Pentagon officials announced Monday that Washington had approved a $1.1 billion arms supply with Taiwan, which may worsen already heightened tensions. In addition to sixty anti-ship missiles and hundred air-to-air missiles, a contractor logistics support program for a surveillance radar program is included in the arms package, according to the Pentagon’s Defense Security Cooperation Agency.
Pentagon officials announced that Washington has approved a likely $1.1 billion weapons deal with Taiwan, which may worsen already heightened tensions. As part of the arms package, the Pentagon will provide 60 anti-ship missiles, 100 air-to-air missiles, and contractor logistic. pic.twitter.com/9dkQuGCGb0
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It includes a radar system for tracking incoming, anti-ship, and anti-air missiles. Earlier this month, Nancy Pelosi, the U.S. House of Representatives Speaker, became the most senior U.S. official to visit Taipei in 25 years. As a result of the weaponry deal, the Chinese embassy in Washington called for the U.S. to revoke it or face “countermeasures.”
Washington-Beijing relations are “severely jeopardized” by this deal, according to spokesman Liu Pengyu. Based on the development of the situation, Beijing will resolutely execute legitimate and necessary countermeasures. The Chinese government views the self-ruled island as an integral part of its territory and insists it should be reunited with the mainland, using force if necessary.
About Weaponry Package
China launched a large-scale military drill last month in response to the visit of an American delegation to Taiwan. The U.S. Congress, strongly pro-Taiwan, will still have to vote on the U.S. arms sale agreed to on Friday. As part of the package, $655 million will be spent on radar warning systems, and $355 million will be spent on 60 Harpoon missiles that can sink ships. In addition to $85.6 million for Surface to Air and Air To Air missiles, the Pentagon has also allocated $75.3 million for the Sidewinder surface-to-air missile.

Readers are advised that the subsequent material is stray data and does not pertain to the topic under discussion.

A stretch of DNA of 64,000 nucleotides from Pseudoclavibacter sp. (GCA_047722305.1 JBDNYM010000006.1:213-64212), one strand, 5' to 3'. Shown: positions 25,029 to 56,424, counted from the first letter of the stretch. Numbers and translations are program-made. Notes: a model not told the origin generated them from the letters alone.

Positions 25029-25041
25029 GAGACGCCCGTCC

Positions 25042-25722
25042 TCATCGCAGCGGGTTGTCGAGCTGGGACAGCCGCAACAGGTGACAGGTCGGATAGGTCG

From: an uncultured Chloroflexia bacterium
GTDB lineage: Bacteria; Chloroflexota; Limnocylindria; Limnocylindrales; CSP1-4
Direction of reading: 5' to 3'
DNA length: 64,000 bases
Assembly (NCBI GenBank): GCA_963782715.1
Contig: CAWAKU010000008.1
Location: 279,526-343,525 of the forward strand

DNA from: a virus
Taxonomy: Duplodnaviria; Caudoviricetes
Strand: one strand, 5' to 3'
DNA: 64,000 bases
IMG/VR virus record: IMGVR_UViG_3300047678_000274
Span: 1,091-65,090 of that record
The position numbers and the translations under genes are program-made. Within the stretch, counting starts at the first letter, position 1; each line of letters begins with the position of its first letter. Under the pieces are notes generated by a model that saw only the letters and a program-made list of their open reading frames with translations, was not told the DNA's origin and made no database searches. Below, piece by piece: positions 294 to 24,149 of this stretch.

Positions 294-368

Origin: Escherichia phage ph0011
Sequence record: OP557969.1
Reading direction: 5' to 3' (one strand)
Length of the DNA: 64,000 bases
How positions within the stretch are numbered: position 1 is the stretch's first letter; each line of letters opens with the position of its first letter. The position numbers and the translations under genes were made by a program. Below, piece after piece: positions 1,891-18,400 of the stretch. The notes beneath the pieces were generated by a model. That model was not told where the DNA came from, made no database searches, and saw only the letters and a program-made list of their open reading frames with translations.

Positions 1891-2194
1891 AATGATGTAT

The U.S. State Department spokesperson said the deal was “essential for Taiwan’s security” and called on China to engage in meaningful dialogue with Taiwan instead of military, economic, and diplomatic pressure. According to the spokesperson, these sales do not represent a significant change in Taiwan’s military capability. Still, they are routine cases to enhance the armed forces and maintain a credible defensive capability.
According to the Wall Street Journal on Friday, the Pentagon created a task force last month to streamline the sale of American weapons abroad. The United States lawmakers said Taiwan failed to fulfill orders it placed years ago. Defense News reported that Harpoon and Stinger’s missiles had been sent to Ukraine instead of the United States due to a backlog.
Biden government officials announced they would retain billion-dollar tariffs on Chinese imports enacted during the Donald Trump administration. Companies and other interested parties had requested that the U.S. Trade Representative’s office maintain the 2018-19 duties. United States officials considered several options, including revoking the tariffs to ease inflation.
Emergency Funding for Ukraine
Joe Biden, on Friday, requested Congress approve $13.7 billion in emergency funding for Ukraine in light of the ongoing Russian conflict. In the past week, the Pentagon reported that American military aid to Ukraine had reached $13 billion. Since January 202, more than $13.5 billion worth of security assistance has been provided to Ukraine by the Biden administration. It is projected that about three-quarters of the aid that Congress authorized for Ukraine has been committed or disbursed.
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